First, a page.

|As expected, the Federal Open Market Committee (FOMC) voted to raise short-term interest rates at the conclusion of its June 13–14 meeting for only the third time since the financial crisis. After hiking the federal funds rate in December and March, the Federal Reserve increased rates by another 25 basis points, with a new target range of 1 to 1.25 percent. In making this decision, participants noted recent strengthening in the overall macroeconomy, including better data for consumer spending, business investment and hiring. Beyond this latest action, it is widely anticipated that the FOMC will increase rates one more time in 2017, perhaps as soon as its September 19–20 meeting. Participants also provided an update to the Federal Reserve’s economic projections. The outlook improved marginally from what was released in March. Members now see the U.S. economy expanding 2.2 percent in 2017, up slightly from 2.1 percent three months ago. It forecasts 2.1 percent real GDP growth in 2018.
In addition to raising short-term rates, the FOMC also seeks to normalize the size of its balance sheet, which has ballooned to well over $4 trillion. Prior to the Great Recession, it never exceeded $1 trillion. The Federal Reserve set new policy guidelines for reducing its balance sheet, as outlined in an addendum that the committee passed unanimously. Starting later this year, the Federal Reserve will allow $10 billion per month in Treasury securities, agency debt and mortgage-backed securities to not be reinvested. It would then increase that amount by $10 billion each quarter until it reaches $50 billion per month. In doing so, the FOMC’s actions would likely put further upward pressure on interest rates. Hence, its moves will be gradual in nature.
The inflationary picture has been positive for the Federal Reserve. While we had seen accelerations in both consumer and producer prices over much of the past few months, costs appear to have started to slow more recently. The consumer price index increased 1.9 percent year-over-year in May, its first reading below 2 percent since November, and producer prices for final demand goods and services have increased 2.4 percent since May 2016, easing a bit from April’s 2.5 percent year-over-year pace, which was the fastest pace since February 2012. In terms of core inflation, which excludes food and energy costs, consumer prices have risen 1.7 percent over the past 12 months, with producer prices up 2.1 percent year-over-year. Both represent some deceleration from earlier in the year. For manufacturers, many of whom had been concerned about the pickup in pricing pressures in recent months, this should be a welcome development.
Despite the optimism in the Federal Reserve’s moves, many of the economic data points released last week were disappointing. For instance, manufacturing production fell for the second time in the past three months, down 0.4 percent in May. Motor vehicles and parts production led the decline in May, down 2.0 percent for the month and off 1.5 percent year to date, as automotive demand has continued to be weaker than desired so far in 2017. Despite the easing in this latest release and some lingering challenges, the underlying data remain consistent with a manufacturing sector that has turned a corner and has moved in the right direction, especially relative to where it stood at this point last year. Manufacturing production has risen 1.4 percent over the past 12 months, expanding for the seventh consecutive month. In addition, manufacturers in the New York and Philadelphia Federal Reserve Bank surveys continued to be upbeat in their outlook, with activity strengthening in both June reports.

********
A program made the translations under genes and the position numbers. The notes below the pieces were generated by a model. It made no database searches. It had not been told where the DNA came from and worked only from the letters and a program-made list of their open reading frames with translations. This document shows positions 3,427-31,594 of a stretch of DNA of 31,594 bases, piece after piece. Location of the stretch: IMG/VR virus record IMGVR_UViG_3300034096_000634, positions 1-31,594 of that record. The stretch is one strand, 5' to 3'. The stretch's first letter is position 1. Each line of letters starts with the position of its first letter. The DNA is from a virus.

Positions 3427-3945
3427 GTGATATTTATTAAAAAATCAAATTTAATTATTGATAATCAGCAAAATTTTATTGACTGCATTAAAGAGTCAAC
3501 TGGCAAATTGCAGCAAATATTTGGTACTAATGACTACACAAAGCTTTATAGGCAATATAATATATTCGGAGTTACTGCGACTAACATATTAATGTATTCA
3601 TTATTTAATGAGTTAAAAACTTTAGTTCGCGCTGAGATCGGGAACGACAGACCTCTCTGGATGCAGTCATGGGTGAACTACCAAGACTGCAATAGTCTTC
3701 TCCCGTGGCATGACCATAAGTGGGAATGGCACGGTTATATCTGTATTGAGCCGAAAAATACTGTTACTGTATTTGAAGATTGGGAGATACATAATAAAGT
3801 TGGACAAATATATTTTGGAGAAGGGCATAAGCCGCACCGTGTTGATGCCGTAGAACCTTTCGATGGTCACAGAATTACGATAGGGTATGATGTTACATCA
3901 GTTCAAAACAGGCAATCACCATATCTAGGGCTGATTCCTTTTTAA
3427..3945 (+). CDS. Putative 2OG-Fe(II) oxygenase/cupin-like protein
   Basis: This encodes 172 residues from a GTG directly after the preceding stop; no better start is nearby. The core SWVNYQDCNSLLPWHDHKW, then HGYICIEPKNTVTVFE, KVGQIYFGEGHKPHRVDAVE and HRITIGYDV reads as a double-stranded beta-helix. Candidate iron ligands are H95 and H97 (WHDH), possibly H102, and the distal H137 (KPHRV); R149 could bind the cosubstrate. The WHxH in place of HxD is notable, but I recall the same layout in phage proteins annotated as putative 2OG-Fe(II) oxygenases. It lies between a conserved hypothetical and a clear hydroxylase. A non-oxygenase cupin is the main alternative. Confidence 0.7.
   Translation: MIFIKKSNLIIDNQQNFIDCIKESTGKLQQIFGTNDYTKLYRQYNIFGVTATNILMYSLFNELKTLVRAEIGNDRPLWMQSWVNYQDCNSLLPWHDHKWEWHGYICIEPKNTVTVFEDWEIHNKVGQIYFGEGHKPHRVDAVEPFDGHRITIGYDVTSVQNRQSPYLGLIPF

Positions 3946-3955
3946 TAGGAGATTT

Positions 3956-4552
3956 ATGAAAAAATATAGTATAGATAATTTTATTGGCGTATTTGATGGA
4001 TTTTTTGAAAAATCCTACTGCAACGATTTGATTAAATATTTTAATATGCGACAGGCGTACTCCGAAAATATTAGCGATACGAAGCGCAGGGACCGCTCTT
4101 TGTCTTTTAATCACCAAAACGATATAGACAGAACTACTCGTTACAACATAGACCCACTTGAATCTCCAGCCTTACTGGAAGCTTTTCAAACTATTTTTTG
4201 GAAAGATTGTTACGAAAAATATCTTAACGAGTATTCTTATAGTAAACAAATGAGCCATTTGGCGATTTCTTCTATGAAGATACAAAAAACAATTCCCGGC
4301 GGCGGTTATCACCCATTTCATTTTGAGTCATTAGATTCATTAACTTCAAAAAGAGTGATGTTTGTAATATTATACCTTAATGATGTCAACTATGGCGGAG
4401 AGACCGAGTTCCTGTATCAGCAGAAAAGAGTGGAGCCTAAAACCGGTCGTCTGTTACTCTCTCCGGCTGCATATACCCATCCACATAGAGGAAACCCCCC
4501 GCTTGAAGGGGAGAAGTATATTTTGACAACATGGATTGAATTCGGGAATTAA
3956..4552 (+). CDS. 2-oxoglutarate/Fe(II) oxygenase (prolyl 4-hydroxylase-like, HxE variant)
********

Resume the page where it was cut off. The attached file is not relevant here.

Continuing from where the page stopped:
Consumer confidence was also weaker. The Index of Consumer Sentiment from the University of Michigan and Thomson Reuters declined in June to its lowest point since November, according to preliminary data. Political uncertainties played into this waning in assessments, with continuing wide disparities in opinions based on partisan affiliation. Along those lines, retail sales fell 0.3 percent in May, signaling a more cautious consumer than we would expect or prefer. Retail spending has increased 3.8 percent since May 2016, a modest pace that reflects some progress from what was seen at this point last year. Yet, the year-over-year growth rate was 5.6 percent in January, its fastest rate since March 2012, but it has eased since then.
Similarly, the housing market has also been softer than desired of late. New housing starts weakened again in May, dropping for the third straight month. Since reaching 1,288,000 units in February, housing starts have pulled back considerably. In May, single-family and multifamily starts slipped for the month, both eight-month lows. On a year-over-year basis, housing starts decreased 2.4 percent from May 2016’s pace of 1,119,000. Yet, that mainly reflects a huge drop in multifamily activity, down 23.0 percent. In contrast, single-family starts have risen 8.5 percent, suggesting a better longer-term trend than the headline figures might seem to indicate. Along those lines, perhaps we will see a rebound during the summer. Homebuilder optimism remains strong, with respondents to that survey predicting healthy gains in activity over the next six months. I am also predicting a bounce-back, which is for 1.25 million starts by year’s end.
There will only be a handful of economic releases out this week, with data focusing mainly on manufacturing and housing. IHS Markit will release new surveys on U.S. and Eurozone manufacturing activity for June, with Europe building on May’s 73-month high in confidence as its economy continues to trend mostly in the right direction. Other highlights this week include the latest figures for existing and new home sales, the Kansas City Federal Reserve Bank’s monthly survey and leading economic indicators.